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How to do a posterior acromial pediculated bone block technical note on the arthro-Kouvalchouk device

Published in N°271 - February 2018
Article viewed 374 times

How to do a posterior acromial pediculated bone block technical note on the arthro-Kouvalchouk device

By Pierre Métais (1) – Jean Grimberg (2) in category TECHNIQUE
(1) - ELSAN, Hôpital privé La Châtaigneraie, 63110 Beaumont, France / (2) - IRCOS, 6 avenue Alphonse XIII, 75016 Paris, France

Posterior instability is an uncommon pathology, and may be atraumatic or traumatic. It is important to be able to recognize it on methodical clinical examination. First-line treatment is still physiotherapy that aims to realign the humeral head both passively and actively.

Introduction

Posterior instability is an uncommon pathology, and may be atraumatic or traumatic (Fig. 1). It is important to be able to recognize it on methodical clinical examination. First-line treatment is still physiotherapy that aims to realign the humeral head both passively and actively.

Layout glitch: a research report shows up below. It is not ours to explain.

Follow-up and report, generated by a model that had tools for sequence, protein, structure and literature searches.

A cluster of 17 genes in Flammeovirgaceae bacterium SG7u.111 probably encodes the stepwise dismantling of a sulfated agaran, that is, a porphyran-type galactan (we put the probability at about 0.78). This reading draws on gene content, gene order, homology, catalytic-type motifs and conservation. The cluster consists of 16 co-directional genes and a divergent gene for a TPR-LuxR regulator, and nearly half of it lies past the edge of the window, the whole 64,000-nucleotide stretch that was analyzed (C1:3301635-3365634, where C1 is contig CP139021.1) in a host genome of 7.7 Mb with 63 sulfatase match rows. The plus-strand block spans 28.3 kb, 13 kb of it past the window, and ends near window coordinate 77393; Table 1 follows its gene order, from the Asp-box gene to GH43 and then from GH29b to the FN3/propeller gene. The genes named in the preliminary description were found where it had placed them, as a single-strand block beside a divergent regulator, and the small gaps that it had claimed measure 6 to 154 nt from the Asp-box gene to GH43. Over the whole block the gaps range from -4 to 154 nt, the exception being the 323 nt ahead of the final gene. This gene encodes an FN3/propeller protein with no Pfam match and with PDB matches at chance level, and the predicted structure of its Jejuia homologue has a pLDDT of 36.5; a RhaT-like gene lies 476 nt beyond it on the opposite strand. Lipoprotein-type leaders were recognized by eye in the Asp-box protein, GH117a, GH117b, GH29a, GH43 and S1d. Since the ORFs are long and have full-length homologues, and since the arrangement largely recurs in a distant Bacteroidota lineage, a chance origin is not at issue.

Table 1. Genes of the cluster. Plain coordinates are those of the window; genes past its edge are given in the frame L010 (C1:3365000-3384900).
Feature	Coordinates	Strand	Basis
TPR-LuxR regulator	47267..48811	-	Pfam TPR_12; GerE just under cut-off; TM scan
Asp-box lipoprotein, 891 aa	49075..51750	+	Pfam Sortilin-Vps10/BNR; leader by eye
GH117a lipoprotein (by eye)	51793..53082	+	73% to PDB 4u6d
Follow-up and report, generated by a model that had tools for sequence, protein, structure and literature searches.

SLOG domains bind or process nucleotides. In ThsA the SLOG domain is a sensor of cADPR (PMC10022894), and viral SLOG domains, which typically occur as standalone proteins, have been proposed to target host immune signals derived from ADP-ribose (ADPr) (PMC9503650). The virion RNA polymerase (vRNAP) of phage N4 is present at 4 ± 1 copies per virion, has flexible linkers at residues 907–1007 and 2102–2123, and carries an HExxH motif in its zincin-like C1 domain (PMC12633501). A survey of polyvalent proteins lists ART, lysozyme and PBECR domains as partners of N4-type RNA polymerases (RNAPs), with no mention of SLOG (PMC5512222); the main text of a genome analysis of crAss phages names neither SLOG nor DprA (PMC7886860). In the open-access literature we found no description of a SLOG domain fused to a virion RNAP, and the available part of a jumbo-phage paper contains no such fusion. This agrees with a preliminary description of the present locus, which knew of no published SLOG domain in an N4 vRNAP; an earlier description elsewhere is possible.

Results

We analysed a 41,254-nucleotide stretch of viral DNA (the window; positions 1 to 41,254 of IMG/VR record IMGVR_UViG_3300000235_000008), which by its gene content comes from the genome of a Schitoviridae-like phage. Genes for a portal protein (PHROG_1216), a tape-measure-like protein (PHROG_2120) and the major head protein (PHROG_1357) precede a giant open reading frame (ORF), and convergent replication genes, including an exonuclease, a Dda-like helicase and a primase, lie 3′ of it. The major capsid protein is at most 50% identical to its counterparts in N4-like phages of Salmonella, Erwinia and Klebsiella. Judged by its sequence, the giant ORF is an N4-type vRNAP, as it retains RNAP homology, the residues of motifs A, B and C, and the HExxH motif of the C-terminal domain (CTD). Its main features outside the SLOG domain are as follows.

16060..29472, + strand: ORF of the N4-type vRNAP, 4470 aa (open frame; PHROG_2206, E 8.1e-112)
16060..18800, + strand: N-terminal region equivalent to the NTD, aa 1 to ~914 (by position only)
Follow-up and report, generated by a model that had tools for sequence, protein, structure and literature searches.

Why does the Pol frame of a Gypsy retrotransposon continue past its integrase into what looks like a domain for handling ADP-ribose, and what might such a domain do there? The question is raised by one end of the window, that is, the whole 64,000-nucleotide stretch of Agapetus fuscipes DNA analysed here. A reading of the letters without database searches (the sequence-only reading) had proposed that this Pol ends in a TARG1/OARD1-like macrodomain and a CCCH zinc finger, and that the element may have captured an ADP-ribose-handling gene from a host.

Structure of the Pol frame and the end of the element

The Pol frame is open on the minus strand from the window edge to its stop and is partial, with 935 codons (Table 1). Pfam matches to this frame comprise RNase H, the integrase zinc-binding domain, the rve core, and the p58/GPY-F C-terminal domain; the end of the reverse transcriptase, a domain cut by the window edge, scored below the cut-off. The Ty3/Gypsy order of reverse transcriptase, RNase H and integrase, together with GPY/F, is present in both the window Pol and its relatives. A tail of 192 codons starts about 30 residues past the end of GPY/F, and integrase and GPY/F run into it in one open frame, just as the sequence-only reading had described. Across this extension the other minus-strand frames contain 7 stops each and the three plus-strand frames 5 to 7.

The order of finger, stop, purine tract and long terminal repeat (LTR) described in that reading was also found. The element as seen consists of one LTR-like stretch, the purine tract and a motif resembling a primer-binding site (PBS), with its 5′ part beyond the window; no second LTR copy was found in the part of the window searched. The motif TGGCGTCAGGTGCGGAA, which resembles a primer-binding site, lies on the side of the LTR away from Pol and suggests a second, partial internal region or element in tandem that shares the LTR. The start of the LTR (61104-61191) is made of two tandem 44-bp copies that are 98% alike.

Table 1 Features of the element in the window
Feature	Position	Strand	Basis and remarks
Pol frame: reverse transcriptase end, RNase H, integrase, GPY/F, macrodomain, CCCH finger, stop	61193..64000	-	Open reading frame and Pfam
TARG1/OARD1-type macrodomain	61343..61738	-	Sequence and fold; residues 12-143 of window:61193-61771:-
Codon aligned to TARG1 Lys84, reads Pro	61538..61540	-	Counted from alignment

Fig. 1 : A push on the arm leads to posterior translation of the humeral head during a hand-off

 

Should functional treatment fail, if there are substantial anatomical lesions and in the absence of adverse psychological factors, surgical treatment is suggested to deal with capsulo-labral and potential bone lesions: capsulo-ligamentous repair (1-3), McLaughlin remplissage of the anterior notch (4-5), iliac bone block (6-11) and so on.

Pediculated acromial bone block with a deltoid flap was described by Kouvalchouk (12). It meets the same mechanical needs as Patte and Latarjet’s coracoid bone block does for anterior instability (13-15). It allows the shoulder to be ‘double-locked’ by means of bone augmentation and a muscular sling effect. The glenoid fossa is ‘rebuilt’ or augmented, and the joint capsule strengthened. A ‘triple lock’ may be added via reinsertion of the capsule on the posterior rim of the glenoid.

Arthroscopy (Fig. 2) opens up new options during this type of surgery and...

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